Tsunami threat as 7.0-magnitude quake hits Papua New Guinea
SYDNEY, Australia – A major 7.0-magnitude earthquake struck Papua New Guinea’s New Britain island on Thursday, triggering a tsunami warning.
Hazardous tsunami waves were forecast for some coasts, the Pacific Tsunami Warning Center said.
Tsunami waves were forecast to be less than 0.3 meters (one foot) high for the coasts of PNG and Solomon Islands, it said, adding that wave amplitudes could vary between regions.
A spokesman for PNG’s National Disaster Management Office in Port Moresby said there were no immediate reports of damage from the quake but these typically took several hours to reach the capital after a major shake.
He was unable to comment on the tsunami threat.
The epicenter was 125 kilometers (78 miles) east of the town of Kimbe on the island of New Britain, according to the United States Geological Survey, which said it struck at a depth of around 40 km.
Two smaller tremors struck the region immediately before and after the main earthquake.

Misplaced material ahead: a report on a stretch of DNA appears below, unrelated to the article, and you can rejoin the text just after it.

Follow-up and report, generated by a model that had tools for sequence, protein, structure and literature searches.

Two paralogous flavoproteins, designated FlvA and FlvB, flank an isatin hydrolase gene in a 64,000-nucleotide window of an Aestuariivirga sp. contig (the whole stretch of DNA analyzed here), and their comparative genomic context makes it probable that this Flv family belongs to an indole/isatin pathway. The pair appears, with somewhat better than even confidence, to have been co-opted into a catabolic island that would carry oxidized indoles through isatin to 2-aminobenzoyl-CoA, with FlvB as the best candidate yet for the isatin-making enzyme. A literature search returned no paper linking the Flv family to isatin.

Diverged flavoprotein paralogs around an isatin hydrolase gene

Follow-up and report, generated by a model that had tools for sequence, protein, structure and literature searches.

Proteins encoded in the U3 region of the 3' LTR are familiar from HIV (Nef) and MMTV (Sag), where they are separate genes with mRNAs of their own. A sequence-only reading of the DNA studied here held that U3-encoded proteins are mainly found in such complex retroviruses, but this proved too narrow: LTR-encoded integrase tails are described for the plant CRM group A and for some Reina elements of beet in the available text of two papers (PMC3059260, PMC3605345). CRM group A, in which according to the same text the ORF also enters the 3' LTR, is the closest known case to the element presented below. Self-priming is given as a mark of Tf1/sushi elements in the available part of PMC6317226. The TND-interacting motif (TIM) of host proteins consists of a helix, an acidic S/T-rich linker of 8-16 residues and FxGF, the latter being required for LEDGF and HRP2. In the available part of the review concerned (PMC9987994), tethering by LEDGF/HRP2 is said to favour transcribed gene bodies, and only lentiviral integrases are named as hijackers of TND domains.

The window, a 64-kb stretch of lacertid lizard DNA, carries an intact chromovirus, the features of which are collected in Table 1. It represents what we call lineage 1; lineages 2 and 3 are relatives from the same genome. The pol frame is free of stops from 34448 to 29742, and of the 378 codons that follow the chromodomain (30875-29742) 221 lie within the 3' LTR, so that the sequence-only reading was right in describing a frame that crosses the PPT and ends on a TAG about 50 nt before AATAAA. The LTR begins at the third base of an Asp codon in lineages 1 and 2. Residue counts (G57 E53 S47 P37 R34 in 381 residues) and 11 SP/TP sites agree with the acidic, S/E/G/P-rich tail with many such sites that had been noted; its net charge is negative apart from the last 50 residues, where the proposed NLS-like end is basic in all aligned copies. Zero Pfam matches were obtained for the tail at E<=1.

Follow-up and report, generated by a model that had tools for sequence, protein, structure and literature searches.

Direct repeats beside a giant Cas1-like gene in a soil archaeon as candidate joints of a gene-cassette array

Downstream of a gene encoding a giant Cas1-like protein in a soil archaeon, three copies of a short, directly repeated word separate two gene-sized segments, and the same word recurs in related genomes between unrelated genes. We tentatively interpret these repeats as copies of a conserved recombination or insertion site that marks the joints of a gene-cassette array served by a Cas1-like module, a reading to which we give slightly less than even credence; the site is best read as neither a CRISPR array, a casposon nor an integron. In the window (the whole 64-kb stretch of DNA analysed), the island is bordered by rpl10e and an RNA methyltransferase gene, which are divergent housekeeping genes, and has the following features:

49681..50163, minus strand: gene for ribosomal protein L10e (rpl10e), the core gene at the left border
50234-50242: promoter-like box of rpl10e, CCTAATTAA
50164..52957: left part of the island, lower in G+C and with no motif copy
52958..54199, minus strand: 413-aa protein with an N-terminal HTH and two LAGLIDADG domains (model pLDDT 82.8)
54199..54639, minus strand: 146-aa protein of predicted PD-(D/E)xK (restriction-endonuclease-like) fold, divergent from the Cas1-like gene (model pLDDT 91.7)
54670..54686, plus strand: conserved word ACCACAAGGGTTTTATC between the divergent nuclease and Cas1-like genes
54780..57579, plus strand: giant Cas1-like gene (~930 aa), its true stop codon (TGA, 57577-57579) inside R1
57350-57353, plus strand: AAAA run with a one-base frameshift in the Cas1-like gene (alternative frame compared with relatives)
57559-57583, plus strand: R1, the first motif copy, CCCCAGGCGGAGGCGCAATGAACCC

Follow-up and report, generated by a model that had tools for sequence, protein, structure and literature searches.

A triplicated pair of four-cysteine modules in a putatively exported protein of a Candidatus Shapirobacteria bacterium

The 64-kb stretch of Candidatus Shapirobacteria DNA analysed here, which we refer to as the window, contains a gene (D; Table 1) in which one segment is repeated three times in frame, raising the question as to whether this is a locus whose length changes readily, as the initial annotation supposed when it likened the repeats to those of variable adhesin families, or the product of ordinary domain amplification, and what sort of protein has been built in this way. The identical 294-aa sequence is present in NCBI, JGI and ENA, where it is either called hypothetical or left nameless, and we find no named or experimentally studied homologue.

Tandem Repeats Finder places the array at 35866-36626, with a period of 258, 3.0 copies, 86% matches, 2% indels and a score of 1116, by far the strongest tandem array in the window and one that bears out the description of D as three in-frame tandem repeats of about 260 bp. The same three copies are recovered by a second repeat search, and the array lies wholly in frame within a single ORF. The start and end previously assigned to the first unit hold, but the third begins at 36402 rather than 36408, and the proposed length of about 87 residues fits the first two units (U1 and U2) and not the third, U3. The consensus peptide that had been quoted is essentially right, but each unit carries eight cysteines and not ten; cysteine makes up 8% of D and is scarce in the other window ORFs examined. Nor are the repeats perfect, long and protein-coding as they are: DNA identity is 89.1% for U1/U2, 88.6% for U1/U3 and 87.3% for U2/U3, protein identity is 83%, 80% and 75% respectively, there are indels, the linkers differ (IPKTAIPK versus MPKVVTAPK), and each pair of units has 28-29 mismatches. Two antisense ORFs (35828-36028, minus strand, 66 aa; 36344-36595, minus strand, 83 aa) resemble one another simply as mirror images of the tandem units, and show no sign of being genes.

The USGS website said there was a “low likelihood of casualties and damage” from the quake.
But it warned that “recent earthquakes in this area have caused secondary hazards such as tsunamis, landslides and liquefaction that might have contributed to losses.”
PNG sits on the so-called Pacific Ring of Fire, a hotspot for seismic activity due to friction between tectonic plates.
The country is still recovering after a 7.5-magnitude quake hit its mountainous interior in February, killing at least 125 people, cutting off access to villages and knocking out power.
Its remote terrain means it often takes several days for information about damage from quakes to reach officials and aid agencies. /cbb
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